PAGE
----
By MICHAEL SHAPIRO, PhD
It occurred to me this week that I had not written a blog entry for the month of December, 2019. For the year 2020, I will resolve to pay better attention to deadlines…and then to not make any more resolutions!
Speaking of which…what is the deal with New Year’s resolutions? We’ve all made them; and we’ve all failed to keep them. When we fail, most of us feel guilty. We then resolve to stop beating ourselves up about it…which ends up being the only resolution we keep, at least until next year, when the cycle starts all over again!
Are we really so weak-willed? Do our best intentions always have to go bad? Is the custom of setting New Year’s resolutions just another yearly process to set ourselves up for humiliation and failure? Good questions! Let’s make a resolution to get to the bottom of this!
According to one of my most trusted scientific sources (the History Channel), the first New Year’s resolutions were probably made about 4,000 years ago in ancient Babylon. Each year, after spending 12 days crowning a new king (or pledging loyalty to the reigning king), these ancient partiers would make a promise to pay all debts and return all borrowed objects (like CDs, power tools, and stuff like that), in the hope that the gods would bless them with prosperity during the ensuing year. Later, the ancient Romans (who actually invented “January”) would begin each year by offering sacrifices and making a promise to behave themselves for the rest of the year. We all know how that turned out. At some point, making New Year’s resolutions became a secular (rather than religious) practice. Instead of resolving to improve ourselves as a community, we decided to look inward and make personal goals for self-improvement. Unfortunately, statistics show that although around 45 percent of Americans make New Year’s resolutions, only about 8 percent keep them. Where do you fall in that statistic? Yeah, I thought so.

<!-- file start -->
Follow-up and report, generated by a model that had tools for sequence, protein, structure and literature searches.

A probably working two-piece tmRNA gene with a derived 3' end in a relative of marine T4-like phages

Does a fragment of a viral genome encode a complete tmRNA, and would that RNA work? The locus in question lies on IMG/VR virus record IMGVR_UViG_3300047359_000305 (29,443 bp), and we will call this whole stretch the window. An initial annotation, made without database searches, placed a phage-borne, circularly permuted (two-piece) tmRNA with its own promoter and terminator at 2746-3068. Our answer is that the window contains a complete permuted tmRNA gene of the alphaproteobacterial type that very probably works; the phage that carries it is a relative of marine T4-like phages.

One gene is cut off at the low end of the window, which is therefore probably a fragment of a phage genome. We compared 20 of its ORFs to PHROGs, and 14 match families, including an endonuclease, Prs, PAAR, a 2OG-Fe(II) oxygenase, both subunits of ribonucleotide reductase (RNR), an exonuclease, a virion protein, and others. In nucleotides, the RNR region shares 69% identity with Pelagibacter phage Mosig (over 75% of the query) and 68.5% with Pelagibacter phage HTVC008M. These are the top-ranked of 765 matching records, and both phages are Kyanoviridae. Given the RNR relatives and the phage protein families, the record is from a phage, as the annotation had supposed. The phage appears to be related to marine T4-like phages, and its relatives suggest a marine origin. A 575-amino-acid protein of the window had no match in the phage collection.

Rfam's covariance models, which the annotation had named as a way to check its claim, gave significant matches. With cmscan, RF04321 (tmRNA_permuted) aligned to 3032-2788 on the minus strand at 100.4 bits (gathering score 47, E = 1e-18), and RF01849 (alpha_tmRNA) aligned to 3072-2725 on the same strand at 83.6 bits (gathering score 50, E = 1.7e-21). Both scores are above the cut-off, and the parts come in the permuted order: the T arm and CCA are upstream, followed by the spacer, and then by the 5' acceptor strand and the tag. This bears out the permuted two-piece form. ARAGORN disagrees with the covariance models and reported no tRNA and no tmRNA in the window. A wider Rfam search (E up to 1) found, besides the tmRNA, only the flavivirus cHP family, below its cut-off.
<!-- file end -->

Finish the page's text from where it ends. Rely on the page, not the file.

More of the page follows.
So, should we throw the New Year’s baby (the cute one with the sash) out with the bathwater? I don’t think so. Setting goals is an admirable and commendable practice! Doing so prevents us from becoming stagnant. A resolution is a promise to ourselves to keep growing, improving, and changing for the better! As a psychologist who works with patients who suffer from medical disorders that are mediated by lifestyle (for example, obesity, diabetes, and hypertension), I’ve seen that goal-setting can be a lifesaver…as long as those goals are set properly! To this end, we health care professionals (or was it the ancient Babylonians?) have come up with an acronym for goal-setting that can easily be applied to New Year’s resolutions: SMART. Specifically, make resolutions that are Specific, Measurable, Attainable, Realistic, and Time-based. Let’s look at each of these individually:
A “specific” goal is one that is, well, specific rather than vague or overly general. For example, rather than resolving to “look better in 2020” or “lose this gut” (yeah, that’s one of my favorites); one might say, “I resolve to lose 10 pounds.” This places the goal in clear view, thereby making it more realistic and attainable (more on that in a minute).